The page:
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I am currently in my first year at a funded Ph.D. program. I have a graduate teaching assistantship in the form of teaching three introductory biology labs (1 credit per) plus the other responsibilities of being an instructor. I also have a six credit (tuition waiver) course load and a stipend.

Prior to coming to this program, I declined an offer from another funded program. It was due to financial reasons such as making a big move to the city and whatnot. I was a fresh undergraduate out of college and I was not ready for that move. I am in the position to make this move now and the offer is much better than my current program.

I have many different quarrels with this current program. There is a lack of structure and much of what I expected at a Ph.D. level course/program was not met. I dislike the current field I am in and I don’t believe I would be happy doing this for the next 4 years. I did not have intentions of leaving prior to starting here, but as I mentioned things here are not as what I expected. Through discussion with the head of the department I declined, I was able to get my declined admission deferred to next fall. In February, I will hear if I receive funding again.

Now my issue is that I am currently in a lab rotation with my prospective advisor and I have not told anyone that I will be leaving. I am afraid that if I tell anyone that I plan to leave after the year, I will be looked down upon and it would affect my courses for the year. I want to withdraw from the lab rotation because the program I will be going to does not have any use for such a course. However, I am worried that if I tell my advisor why I am withdrawing, it will impact me negatively. In the off chance I do not receive funding, I will most likely be staying in this program and if they know I wanted to leave and didn’t because of funding, I fear I will be looked down upon.

  1. How unethical is it to continue this year and finish up without mentioning any of my intentions to leave the program for another?
  2. If I do withdraw from the lab rotation, should I mention why I am doing so or just mention that I was not expecting the course work to be so intense (which is true due to my teaching taking up so much time, I am behind).
  3. How unethical is it to use my 6 credit tuition waiver to take courses in the spring that would hopefully transfer to my other program?

My contract runs 9 months so I can’t just leave.

  • Do you actually have a valid offer for next year? Having been offered (and declined) does not mean that is still an option. If you have a valid offer in hand for next year, certainly you can tell people. But, getting experience in various lab settings is not a bad thing at all. As for transferring coursework, that would be a question for your new program. – Jon Custer Oct 24 '17 at 16:03
  • I declined my offer of admittance and funding but I managed to get the offer deferred for next year. The funding will be discussed in February but I am hopeful about the funding. I have the offer of deferred admittance coming in the mail. – H5159 Oct 24 '17 at 16:04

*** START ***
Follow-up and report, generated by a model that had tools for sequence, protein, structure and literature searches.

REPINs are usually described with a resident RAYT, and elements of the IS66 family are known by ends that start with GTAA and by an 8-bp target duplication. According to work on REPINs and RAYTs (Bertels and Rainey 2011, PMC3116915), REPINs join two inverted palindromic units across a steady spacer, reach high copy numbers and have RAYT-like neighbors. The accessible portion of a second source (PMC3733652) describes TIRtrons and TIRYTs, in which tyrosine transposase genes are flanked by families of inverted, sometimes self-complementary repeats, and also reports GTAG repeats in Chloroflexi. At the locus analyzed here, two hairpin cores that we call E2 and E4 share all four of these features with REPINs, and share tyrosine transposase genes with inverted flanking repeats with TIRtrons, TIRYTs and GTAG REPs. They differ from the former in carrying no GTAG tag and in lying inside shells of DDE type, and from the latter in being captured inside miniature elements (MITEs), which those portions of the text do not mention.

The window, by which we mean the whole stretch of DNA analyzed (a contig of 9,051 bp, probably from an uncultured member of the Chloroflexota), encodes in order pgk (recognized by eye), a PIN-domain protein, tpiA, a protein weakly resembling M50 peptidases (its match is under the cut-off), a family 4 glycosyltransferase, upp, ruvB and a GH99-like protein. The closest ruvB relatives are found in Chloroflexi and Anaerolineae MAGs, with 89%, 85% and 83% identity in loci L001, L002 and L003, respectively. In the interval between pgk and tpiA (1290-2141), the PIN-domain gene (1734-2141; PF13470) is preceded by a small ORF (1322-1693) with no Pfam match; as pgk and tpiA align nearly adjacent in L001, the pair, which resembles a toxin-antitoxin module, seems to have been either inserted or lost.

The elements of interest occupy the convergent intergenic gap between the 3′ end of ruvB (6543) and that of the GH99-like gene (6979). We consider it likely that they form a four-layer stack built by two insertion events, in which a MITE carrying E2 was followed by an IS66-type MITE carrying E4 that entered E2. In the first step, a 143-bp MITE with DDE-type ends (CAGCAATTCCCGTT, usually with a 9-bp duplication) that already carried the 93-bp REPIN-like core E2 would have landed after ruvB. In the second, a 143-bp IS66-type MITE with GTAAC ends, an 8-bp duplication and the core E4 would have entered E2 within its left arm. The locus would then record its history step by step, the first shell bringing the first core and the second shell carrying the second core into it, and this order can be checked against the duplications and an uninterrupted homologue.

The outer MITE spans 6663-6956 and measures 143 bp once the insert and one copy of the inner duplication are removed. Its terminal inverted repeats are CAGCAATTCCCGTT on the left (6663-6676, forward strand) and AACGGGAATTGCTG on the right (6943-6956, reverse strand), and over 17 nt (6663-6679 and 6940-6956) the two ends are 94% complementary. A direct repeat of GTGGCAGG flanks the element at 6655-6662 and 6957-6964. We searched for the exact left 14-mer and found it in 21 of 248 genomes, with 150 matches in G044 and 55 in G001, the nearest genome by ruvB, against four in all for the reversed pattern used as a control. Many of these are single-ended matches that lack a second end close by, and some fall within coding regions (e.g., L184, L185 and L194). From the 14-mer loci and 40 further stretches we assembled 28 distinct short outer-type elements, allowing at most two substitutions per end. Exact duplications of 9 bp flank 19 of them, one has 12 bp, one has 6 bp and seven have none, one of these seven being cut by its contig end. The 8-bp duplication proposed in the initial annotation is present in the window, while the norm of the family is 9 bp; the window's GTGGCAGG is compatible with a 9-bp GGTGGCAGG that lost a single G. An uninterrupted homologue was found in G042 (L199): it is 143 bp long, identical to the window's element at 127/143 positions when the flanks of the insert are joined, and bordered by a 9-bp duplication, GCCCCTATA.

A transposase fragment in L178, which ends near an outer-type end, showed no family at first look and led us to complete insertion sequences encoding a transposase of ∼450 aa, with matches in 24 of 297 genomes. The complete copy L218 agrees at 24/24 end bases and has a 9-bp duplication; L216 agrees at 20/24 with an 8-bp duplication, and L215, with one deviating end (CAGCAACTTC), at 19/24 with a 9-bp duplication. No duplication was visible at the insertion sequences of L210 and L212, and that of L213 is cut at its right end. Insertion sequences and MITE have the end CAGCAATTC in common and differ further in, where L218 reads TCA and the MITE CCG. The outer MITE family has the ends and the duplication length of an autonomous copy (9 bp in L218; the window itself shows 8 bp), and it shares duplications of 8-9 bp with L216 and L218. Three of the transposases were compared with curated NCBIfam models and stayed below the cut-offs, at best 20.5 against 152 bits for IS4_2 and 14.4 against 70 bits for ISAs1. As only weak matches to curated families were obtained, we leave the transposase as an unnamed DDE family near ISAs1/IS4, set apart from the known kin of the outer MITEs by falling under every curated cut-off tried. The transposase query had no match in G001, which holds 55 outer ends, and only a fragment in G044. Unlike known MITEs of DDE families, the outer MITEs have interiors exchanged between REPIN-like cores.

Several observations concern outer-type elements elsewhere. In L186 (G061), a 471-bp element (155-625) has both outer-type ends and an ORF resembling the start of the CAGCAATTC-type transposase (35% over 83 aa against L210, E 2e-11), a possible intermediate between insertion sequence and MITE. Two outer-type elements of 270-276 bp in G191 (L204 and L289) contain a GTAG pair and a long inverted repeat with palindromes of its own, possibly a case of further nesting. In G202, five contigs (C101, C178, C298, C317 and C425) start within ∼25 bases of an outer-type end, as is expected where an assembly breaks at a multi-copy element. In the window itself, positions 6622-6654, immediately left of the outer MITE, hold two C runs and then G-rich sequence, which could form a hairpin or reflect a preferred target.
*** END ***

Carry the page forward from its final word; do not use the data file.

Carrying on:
• @JonCuster I don't think OP wants to know if they CAN tell people, I think they want to know if it is okay NOT to tell people until they hear about funding. – Dawn Oct 24 '17 at 16:05
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    @Dawn - as in moving jobs (lots of similar Q on Workplace SE), until a real offer is in hand, don't say anything at all. So, yes, it is OK to NOT tell anybody. – Jon Custer Oct 24 '17 at 16:08
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How unethical is it to continue this year and finish up without mentioning any of my intentions to leave the program for another?

It is not at all unethical to continue until you know for certain. I see this as a situation where you are considering your options. You would LIKE to leave, but you are also considering staying if you have no funding at the second program. I certainly don't think you have any obligation to mention your decision until you hear about funding. In February, your current program will still have the opportunity to give away your funding to a new student/another student, so you are not harming anyone by waiting to speak up.

If I do withdraw from the lab rotation, should I mention why I am doing so or just mention that I was not expecting the course work to be so intense (which is true due to my teaching taking up so much time, I am behind).

I don't think you should withdraw. If you stay, this would be your advisor. And if you don't get funding, you may stay. So you should make sure you have a good backup plan with this advisor at your current school.

How unethical is it to use my 6 credit tuition waiver to take courses in the spring that would hopefully transfer to my other program?

You will likely need to decide on spring courses before you decide if you should stay. If possible, choose courses that would prepare you for either path. If not possible, I don't see a problem with using the waiver you have earned through your teaching in a way that would be of most use to you.

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Stay as long as you want and leave whenever you want. No one in academia cares about anyone else, so don't hinder yourself on anyone else's account. Especially since it is your life versus a whole department. Trust me, if you had failed to find a lab because of lack of funding, they wouldn't hesitate to kick you out at all. So leave and waste their money as much as you want/can, cause they probably don't care about you either.

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    No one in academia cares about anyone else [citation needed] – Azor Ahai Mar 6 '18 at 20:45

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